One of the main supplements you can use to help support progesterone production is magnesium. Magnesium’s benefits come from its ability to reduce inflammation and improve the health of your corpus luteum, your progesterone-secreting gland.
You can up your intake of magnesium by eating dark leafy greens and nuts; or you can take 300mg of magnesium glycinate daily.
Chasteberry; chaste tree; vitex agnus-castus: there are the three common names for this miracle herb, which is regularly prescribed in Europe as an herbal treatment for PMS and other menstrual symptoms such as water retention, constipation, and breast tenderness. Chasteberry supports progesterone production by regulating the production of prolactin, a hormone which inhibits ovulation and thus the formation of the corpus luteum.
It is recommended to take 200mg of chasteberry standardized extract first thing in the morning before breakfast. Stop taking it for five days from the start of your period, and then pick back up again.
Heavy blood loss
Over the course of your period, you should lose about 50 millilitres, or 3 tablespoons of blood and menstrual fluid. If you lose more than 80ml of blood per period, that is considered a very heavy flow, known as “menstrual flooding.”
Because estrogen causes the uterine lining to thicken, heavy periods are typically caused by too much estrogen in the body. One treatment option for relieving the symptom of significant blood loss, then, is to take herbs that help your body detoxify estrogen. Estrogen detoxification and stabilization will also help minimize PMS, as discussed above.
Iron is a critical supplement to take if you experience heavy periods and substantial blood loss.
You can consume iron by eating red meat, dried beans, and egg yolks. You can also take 15 to 50mg of iron in supplement form.
DIM is a phytonutrient found in cruciferous vegetables such as Brussels sprouts, broccoli, cauliflower, and cabbage that helps the body stabilize and detoxify estrogen.
You can eat your DIM, or take 200mg daily with food.
Turmeric is the bright yellow Ayurvedic herb used in many Asian dishes, and it also happens to be another great herb for detoxifying estrogen. Not only is turmeric anti-inflammatory, but it’s an anti-estrogenic food that supports liver function and helps detoxify excess estrogen from the body.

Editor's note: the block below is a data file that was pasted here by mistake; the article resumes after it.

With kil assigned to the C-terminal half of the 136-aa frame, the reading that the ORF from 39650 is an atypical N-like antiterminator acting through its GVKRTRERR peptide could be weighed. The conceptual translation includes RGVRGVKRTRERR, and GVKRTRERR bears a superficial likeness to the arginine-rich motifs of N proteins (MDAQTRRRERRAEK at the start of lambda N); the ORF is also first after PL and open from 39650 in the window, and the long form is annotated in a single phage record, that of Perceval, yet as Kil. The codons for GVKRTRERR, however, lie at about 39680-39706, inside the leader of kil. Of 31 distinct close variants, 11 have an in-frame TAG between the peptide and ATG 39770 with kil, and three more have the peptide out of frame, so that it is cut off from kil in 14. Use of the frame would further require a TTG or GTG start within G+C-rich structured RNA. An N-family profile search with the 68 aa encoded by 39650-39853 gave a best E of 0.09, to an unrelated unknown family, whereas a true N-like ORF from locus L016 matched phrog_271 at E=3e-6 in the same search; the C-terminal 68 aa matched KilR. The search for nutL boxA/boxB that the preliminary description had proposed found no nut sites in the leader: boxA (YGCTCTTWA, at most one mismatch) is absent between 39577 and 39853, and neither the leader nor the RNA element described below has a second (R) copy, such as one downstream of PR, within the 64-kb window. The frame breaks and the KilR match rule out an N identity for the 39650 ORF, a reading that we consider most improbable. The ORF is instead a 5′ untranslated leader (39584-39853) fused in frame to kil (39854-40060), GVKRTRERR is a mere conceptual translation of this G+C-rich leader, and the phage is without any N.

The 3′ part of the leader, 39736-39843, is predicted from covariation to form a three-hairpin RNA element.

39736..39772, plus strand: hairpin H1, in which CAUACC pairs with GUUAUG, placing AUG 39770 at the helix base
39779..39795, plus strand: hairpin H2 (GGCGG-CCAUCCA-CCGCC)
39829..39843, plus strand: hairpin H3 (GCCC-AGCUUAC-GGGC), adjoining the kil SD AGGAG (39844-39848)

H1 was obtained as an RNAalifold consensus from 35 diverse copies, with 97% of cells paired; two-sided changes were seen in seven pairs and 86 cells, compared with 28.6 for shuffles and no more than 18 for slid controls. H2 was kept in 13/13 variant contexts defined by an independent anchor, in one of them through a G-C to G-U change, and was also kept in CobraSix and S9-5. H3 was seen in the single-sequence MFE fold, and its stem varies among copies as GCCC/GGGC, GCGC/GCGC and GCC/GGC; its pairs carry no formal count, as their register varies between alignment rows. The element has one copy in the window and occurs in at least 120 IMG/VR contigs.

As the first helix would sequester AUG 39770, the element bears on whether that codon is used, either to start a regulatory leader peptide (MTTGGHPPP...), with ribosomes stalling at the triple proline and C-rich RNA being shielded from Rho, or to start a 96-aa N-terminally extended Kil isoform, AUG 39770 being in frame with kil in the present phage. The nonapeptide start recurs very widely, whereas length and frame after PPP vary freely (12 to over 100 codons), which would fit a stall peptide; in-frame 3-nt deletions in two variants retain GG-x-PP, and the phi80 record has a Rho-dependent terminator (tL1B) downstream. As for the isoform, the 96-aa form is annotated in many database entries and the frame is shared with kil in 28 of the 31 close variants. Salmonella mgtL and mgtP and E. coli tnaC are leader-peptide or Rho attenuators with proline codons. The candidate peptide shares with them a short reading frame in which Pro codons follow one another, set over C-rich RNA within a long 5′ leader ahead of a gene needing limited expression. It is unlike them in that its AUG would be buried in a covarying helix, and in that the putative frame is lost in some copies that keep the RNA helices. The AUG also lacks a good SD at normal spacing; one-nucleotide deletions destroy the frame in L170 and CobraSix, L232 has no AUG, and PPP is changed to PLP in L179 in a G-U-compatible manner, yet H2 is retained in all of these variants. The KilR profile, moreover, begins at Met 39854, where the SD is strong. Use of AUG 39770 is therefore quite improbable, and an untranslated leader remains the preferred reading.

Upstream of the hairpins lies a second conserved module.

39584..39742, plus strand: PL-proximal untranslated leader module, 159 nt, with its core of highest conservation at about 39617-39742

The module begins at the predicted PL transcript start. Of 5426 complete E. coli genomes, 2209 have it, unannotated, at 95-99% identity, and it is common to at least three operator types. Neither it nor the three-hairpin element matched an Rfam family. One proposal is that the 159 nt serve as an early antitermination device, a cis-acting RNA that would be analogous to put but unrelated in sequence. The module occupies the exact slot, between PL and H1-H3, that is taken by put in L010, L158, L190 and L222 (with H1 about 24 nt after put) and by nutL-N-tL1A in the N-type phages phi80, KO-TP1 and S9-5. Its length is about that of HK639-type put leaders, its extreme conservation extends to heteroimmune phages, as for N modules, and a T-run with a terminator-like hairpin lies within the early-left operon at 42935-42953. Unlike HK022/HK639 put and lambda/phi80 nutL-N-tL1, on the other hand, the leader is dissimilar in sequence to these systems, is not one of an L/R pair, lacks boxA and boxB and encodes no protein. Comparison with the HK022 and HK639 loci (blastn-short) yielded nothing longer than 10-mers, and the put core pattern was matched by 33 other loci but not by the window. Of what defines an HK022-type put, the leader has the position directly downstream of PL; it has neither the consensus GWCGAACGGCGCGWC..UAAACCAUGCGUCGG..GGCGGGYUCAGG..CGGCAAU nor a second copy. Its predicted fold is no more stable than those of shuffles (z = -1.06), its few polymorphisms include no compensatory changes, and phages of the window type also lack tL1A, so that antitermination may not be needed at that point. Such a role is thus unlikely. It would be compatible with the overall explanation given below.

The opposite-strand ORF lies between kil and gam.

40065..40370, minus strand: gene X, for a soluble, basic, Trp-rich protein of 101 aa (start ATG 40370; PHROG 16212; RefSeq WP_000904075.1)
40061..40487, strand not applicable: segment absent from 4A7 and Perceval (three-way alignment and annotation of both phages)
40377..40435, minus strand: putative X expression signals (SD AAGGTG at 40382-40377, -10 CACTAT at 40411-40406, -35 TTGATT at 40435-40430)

Turmeric can be taken every day, though relying solely on dietary ingestion of turmeric will not be sufficient to confer the medical benefits of this herb. Rather, choose a standardized extract or supplement, and dose according to the instructions on the bottle.
Period pain, also known as primary dysmenorrhea, is caused by contractions of the uterine muscle. As the uterine lining starts to break down and shed during your period, it releases inflammatory prostaglandins, which when secreted in excess, cause pain.
The number one defense against painful periods is magnesium. Magnesium inhibits the formation of inflammatory prostaglandins, thus easing period pain.
For dosing throughout your cycle, follow the instructions above. In cases of extreme pain, you can double this dosage during the days of your period.
Fish oil contains omega-3 fatty acids, which help build series 3 prostaglandins. These prostaglandins balance out the inflammatory prostaglandins released by the uterine lining as it breaks down.
To relieve painful cramping, take 2,000mg of fish oil a day. It may take a few months to see results, but stick with it!
One final line of defense against period cramps is zinc. This supplement is highly anti-inflammatory and thus reduces inflammation of the uterine lining, as well as improving blood circulation in the uterus.
Taking 30mg of zinc per day for a few days before your period has been shown to significantly reduce period pain.
Happy hormones, happy you!
Now that you’ve learned the basics of menstrual health and hormonal function, you can begin to look at your own cycle to assess its health and regularity. The tips above should help you recognize signs of estrogen dominance or progesterone deficiency, as well as give you safe and natural options for treating these issues with readily available herbs and supplements, so that you, too, can have a healthy cycle and pain-free period!
Written by: Sarah Jornsay-Silverberg